Ineffective Assistance of Counsel Cases In Florida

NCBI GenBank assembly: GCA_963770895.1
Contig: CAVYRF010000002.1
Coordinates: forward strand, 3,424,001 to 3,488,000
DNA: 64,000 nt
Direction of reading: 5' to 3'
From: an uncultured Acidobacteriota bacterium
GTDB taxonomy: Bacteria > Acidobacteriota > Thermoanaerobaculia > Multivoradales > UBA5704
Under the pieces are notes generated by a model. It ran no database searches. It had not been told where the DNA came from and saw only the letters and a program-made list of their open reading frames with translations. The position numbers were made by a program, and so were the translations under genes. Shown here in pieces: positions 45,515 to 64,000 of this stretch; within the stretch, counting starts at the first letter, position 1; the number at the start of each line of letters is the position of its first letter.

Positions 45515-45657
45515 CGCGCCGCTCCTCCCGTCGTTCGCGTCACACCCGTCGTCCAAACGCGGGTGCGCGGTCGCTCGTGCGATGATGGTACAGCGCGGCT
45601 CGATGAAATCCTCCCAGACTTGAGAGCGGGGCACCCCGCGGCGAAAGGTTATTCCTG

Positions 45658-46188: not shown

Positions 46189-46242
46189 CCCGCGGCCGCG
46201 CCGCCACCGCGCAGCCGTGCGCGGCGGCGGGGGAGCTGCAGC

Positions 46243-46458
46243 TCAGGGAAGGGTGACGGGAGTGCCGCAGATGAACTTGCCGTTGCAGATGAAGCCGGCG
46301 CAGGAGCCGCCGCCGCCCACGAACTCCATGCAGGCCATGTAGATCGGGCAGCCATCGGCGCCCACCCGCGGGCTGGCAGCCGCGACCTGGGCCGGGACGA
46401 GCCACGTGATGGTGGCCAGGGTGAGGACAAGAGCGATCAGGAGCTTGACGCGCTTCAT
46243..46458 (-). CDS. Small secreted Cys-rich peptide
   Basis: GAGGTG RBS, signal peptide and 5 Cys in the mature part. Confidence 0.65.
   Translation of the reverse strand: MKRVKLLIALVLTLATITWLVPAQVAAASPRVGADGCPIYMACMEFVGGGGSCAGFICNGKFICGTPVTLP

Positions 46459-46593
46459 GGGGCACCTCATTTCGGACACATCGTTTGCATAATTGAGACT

An ineffective assistance of counsel claim is a mixed question of law and fact and is therefore subject to de novo review on appeal. See Rose v. State, 675 So. 2d 567, 571 (Fla. 1996); Thomas v. State, 616 So. 2d 1150, 1150 (Fla. 4th DCA 1993). However, where the trial court makes findings of fact after an evidentiary hearing on a 3.850 motion, the appellate court cannot substitute its own factual findings for those of the trial court. See Smith v. State, 697 So. 2d 991, 992 (Fla. 4th DCA 1997) ("it is within the province of the finder of fact 'to rely upon the testimony found by it to be worthy of belief and to reject such testimony found by it to be untrue'") (quoting I.R. v. State, 385 So. 2d 686, 687 (Fla. 3d DCA 1980)). Under Strickland v. Washington, 466 U.S. 668, 687, 104 S. Ct. 2052, 2064, 80 L. Ed. 2d 674 (1984), a defendant alleging ineffective assistance must demonstrate that his attorney's performance was so deficient that counsel was not functioning as the "counsel" guaranteed by the Sixth Amendment and that the defendant was prejudiced by the deficient performance. The Strickland Court noted at the outset that the benchmark for judging an ineffectiveness claim is whether counsel's conduct so undermined the proper functioning of the adversarial process that the trial cannot be relied upon as having produced a just result. 466 U.S. at 686. Specifically, the Court defined prejudice as follows: It is not enough for the defendant to show that the errors had some conceivable effect on the outcome of the proceeding. Virtually every act or omission of counsel would meet that test and not every error that conceivably could have influenced the outcome undermines the reliability of the result of the proceeding. On the other hand, we believe that a defendant need not show that counsel's deficient conduct more likely than not altered the outcome in the case. This outcome- determinative standard has several strengths . . . . Nevertheless, the standard is not quite appropriate. . . . the result of a proceeding can be rendered unreliable, and hence the proceeding itself unfair, even if the errors of counsel cannot be shown by a preponderance of the evidence to have determined the outcome. Accordingly, the appropriate test for prejudice . . . is that the defendant must show that there is a reasonable probability that, but for counsel's unprofessional errors, the result of the proceeding would have been different. a reasonable probability is a probability sufficient to undermine confidence in the outcome. . . . When a defendant challenges a conviction, the question is whether there is a reasonable probability that, absent the errors, the factfinder would have had a reasonable doubt respecting guilt. In making this determination, a court hearing an ineffectiveness claim must consider the totality of the evidence before the judge or jury. Some of the factual findings will have been unaffected by the errors, and factual findings that were affected will have been affected in different ways. Some errors will have had a pervasive effect on the inferences to be drawn from the evidence, altering the entire evidentiary picture, and some will have had an isolated, trivial effect. Moreover, a verdict or conclusion only weakly supported by the record is more likely to have been affected by errors than one with overwhelming record support. Taking the unaffected findings as a given, and taking due account of the effect of the errors on the remaining findings, a court making the prejudice inquiry must ask if the defendant has met the burden of showing that the decision reached would reasonably likely have been different absent the errors. the ultimate focus of inquiry must be on the fundamental fairness of the proceeding whose result is being challenged. In every case the court should be concerned with whether, despite the strong presumption of reliability, the result of the particular proceeding is unreliable because of a breakdown in the adversarial process that our system counts on to produce just results. 466 U.S. at 693-696 The reviewing court need not consider whether counsel's performance was deficient if it is clear from the record that the appellant has suffered no prejudice. See Torres-Arboleda v. Dugger, 636 So. 2d 1321, 1324 (Fla. 1994).